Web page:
Bicycles, a solar taxi, recycled garbage and even tie-less meetings to help reduce air-conditioning costs -- you name it, the world climate forum is using every trick in the green book to reduce its own contribution to global warming.
But even these and other thoughtful tricks to scale back greenhouse gas emissions will not help the December 3-14 marathon on climate change avoid a horrible fact: it's going to generate carbon. Lots of it.
According to the organisers, the UN Framework Convention on Climate Change (UNFCCC) talks on the Indonesian resort island of Bali will result in an average "carbon footprint" of 4.7 tonnes per person of carbon dioxide (CO2), the principal greenhouse gas.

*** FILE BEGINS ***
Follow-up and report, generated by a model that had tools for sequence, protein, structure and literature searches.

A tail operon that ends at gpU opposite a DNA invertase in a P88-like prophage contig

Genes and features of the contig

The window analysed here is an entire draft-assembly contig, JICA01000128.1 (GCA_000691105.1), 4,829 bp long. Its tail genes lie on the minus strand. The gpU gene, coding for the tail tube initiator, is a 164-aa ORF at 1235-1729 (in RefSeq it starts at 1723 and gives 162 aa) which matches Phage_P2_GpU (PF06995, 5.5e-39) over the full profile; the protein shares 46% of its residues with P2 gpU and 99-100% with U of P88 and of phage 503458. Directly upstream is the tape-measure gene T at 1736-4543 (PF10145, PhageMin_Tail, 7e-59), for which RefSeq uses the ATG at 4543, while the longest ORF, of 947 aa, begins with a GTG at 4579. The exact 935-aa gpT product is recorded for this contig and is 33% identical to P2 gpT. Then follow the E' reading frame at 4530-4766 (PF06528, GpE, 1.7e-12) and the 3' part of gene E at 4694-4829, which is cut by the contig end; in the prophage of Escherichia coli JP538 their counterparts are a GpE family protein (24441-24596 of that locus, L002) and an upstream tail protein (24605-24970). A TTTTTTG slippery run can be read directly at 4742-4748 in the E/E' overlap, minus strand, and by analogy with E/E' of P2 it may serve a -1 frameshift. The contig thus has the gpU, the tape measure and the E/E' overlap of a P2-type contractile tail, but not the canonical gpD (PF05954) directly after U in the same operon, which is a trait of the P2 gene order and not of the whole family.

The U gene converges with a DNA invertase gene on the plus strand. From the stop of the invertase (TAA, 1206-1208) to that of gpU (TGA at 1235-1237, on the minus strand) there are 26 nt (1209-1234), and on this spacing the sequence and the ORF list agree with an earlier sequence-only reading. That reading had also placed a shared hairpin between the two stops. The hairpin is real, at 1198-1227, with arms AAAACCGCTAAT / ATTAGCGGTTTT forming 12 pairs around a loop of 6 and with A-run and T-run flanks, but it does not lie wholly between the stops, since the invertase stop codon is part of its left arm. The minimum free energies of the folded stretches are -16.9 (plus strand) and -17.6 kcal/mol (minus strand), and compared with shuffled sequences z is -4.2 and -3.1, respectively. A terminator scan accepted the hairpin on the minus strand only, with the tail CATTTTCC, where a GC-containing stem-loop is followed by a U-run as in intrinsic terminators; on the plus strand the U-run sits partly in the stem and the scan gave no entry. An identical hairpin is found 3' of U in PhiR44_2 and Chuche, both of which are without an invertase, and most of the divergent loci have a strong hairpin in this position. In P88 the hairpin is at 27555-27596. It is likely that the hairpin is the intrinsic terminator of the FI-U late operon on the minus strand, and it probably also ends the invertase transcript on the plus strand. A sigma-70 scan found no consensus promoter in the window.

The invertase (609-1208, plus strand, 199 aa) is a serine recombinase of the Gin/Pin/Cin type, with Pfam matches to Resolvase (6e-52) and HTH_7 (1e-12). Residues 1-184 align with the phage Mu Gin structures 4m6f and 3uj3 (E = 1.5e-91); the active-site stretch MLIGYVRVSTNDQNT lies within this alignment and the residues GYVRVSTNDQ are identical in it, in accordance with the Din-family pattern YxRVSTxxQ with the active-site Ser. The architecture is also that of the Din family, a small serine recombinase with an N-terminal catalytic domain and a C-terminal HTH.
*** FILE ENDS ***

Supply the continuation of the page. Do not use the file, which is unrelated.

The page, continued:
If 10,000 delegates, campaigners and journalists attend the conference, the footprint will be around 47,000 tonnes of CO2, including travel to and from the event and activities during it.
The figure is very big, mainly because of the use of fossil-fuel-thirsty air travel to haul participants from distant North America and Europe.
Then there is the voracious energy cost of cooling the sprawling conference facilities - clustered in several hotels in the town of Nusa Dua - to filter out Bali's sultry tropical heat.